Smooth, durable and tops in safety.
Volvo has been on a roll in the U.S. market, and this car is one of the reasons.
Although station wagons don't ordinarily play a big part in a manufacturer's total sales picture, they do at Volvo -- particularly the Volvo 850 Wagon. Introduced just last year, it accounts for something like one-third of all 850 sales, in contrast to the more common seven or eight percent.
Why is this? We can only speculate. Volvos tend to appeal to people who prioritize functionality and safety ahead of style, and few automobiles are stronger in these two traits than the 850.
And as far as style goes, we happen to think that Volvo wagons generally look a little more appealing than their sedan counterparts.
There's a premium price for this or any of Volvo's other virtues. But Volvo owners tend to be a fairly satisfied lot, and their cars just keep going and going...
The 850 is Volvo's first front-wheel-drive automobile, and it's been an almost unqualified success. The 850 is a mid-size wagon -- a little smaller than Volvo's key competitors in this market segment: the Ford Taurus, Honda Accord and Toyota Camry wagons.
And even though Volvo has been trying to smooth off the hard corners of its designs, the 850 Wagon still looks boxier than the others. We also found that the tall taillights that flank the tailgate from bumper to roof take some getting used to.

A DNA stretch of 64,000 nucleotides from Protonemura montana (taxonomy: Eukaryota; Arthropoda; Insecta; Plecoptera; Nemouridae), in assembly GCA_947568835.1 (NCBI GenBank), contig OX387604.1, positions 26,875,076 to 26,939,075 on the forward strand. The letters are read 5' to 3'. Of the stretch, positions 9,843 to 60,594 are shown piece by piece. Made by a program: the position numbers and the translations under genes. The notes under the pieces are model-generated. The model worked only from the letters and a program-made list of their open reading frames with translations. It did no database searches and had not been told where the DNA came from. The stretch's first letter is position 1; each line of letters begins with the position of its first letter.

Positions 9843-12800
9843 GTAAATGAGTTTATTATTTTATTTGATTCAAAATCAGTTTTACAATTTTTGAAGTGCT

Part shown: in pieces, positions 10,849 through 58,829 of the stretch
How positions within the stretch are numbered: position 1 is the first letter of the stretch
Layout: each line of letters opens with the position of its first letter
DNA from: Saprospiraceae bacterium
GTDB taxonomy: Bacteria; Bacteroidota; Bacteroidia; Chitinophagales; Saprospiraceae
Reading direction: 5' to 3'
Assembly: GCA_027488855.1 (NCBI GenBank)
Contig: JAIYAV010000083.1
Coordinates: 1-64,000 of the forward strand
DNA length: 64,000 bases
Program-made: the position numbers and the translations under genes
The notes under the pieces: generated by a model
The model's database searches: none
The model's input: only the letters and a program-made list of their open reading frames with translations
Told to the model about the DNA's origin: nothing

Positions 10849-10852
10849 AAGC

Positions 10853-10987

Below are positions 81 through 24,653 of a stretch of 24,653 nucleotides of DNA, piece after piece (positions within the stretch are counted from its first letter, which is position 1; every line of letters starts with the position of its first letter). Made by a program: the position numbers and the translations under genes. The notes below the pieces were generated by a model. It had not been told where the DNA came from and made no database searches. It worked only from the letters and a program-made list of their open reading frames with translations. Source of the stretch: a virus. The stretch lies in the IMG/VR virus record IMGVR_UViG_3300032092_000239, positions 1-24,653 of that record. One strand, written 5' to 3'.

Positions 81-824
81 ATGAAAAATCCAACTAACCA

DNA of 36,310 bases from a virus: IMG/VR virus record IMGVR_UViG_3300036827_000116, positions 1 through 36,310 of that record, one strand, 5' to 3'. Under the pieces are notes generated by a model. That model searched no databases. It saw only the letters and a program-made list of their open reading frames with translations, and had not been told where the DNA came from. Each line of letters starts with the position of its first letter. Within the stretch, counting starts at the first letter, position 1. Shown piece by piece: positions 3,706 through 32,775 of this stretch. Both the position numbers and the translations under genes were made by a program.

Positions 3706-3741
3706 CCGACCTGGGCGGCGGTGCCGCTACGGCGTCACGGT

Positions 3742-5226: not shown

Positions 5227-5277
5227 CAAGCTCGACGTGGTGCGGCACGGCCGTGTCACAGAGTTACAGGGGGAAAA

To be fair, Volvo didn't put them there just because someone thought they'd look good. Volvo's commitment to safety is relentless, and long taillights make the car more visible to other drivers -- not just to the driver directly behind, but the driver behind the driver behind the driver behind...you get the idea.
Volvo has been busy with the headlights, too. For 1995, all Volvos will be equipped with Daytime Running Lamps -- DRLs, as they're already coming to be known.
The idea is simple. Having your headlamps on all the time makes you more visible to oncoming traffic. DRLs are already required in Sweden and Canada, and a recent change in federal regulations makes them feasible in the United States.
We're not so sure that everyone's going to think this is a terrific idea. There are those who would argue that judging the distance to an oncoming car is more difficult when that car has its headlights on. And it can also be argued that having your headlights on, even at the low intensity used by DRLs, negates the usefulness of the flash-to-pass function.
Finally, there are those, including some of us here at New Car Test Drive, who dislike the idea of a car company playing mom to us all. Nevertheless, DRLs are in at Volvo, and other car companies are following suit -- Chevrolet and Volkswagen, to name two.
The Volvo 850 Wagon comes in three models: the basic wagon, the more luxurious GLT and the torrid Turbo. A five-speed manual transmission is standard for the basic car and the GLT, while the Turbo is automatic-only.
The standard engine is a 2.4-liter five-cylinder that's acceptably powerful and exceptionally smooth. With a turbocharger, however, this engine becomes a real tiger, generating 222 hp and transforming this modest mid-size wagon into one of the fastest freighters on the road.
Our test wagon was a GLT with an automatic transmission.
The Inside Story
Side-impact airbags have been considered for years by several manufacturers, but Volvo, characteristically, is first to bring them to market.
The problems associated with the concept seem complex, but Volvo's solution is elegantly simple. Designed to inflate within 12 milliseconds of impact, the system is integrated into the outer side bolsters of the front seats. Sensors in the side body panels trigger the system, which employs a pyrotechnic flash (gunpowder) to set off two sequentially actuated gas generators that inflate the airbag.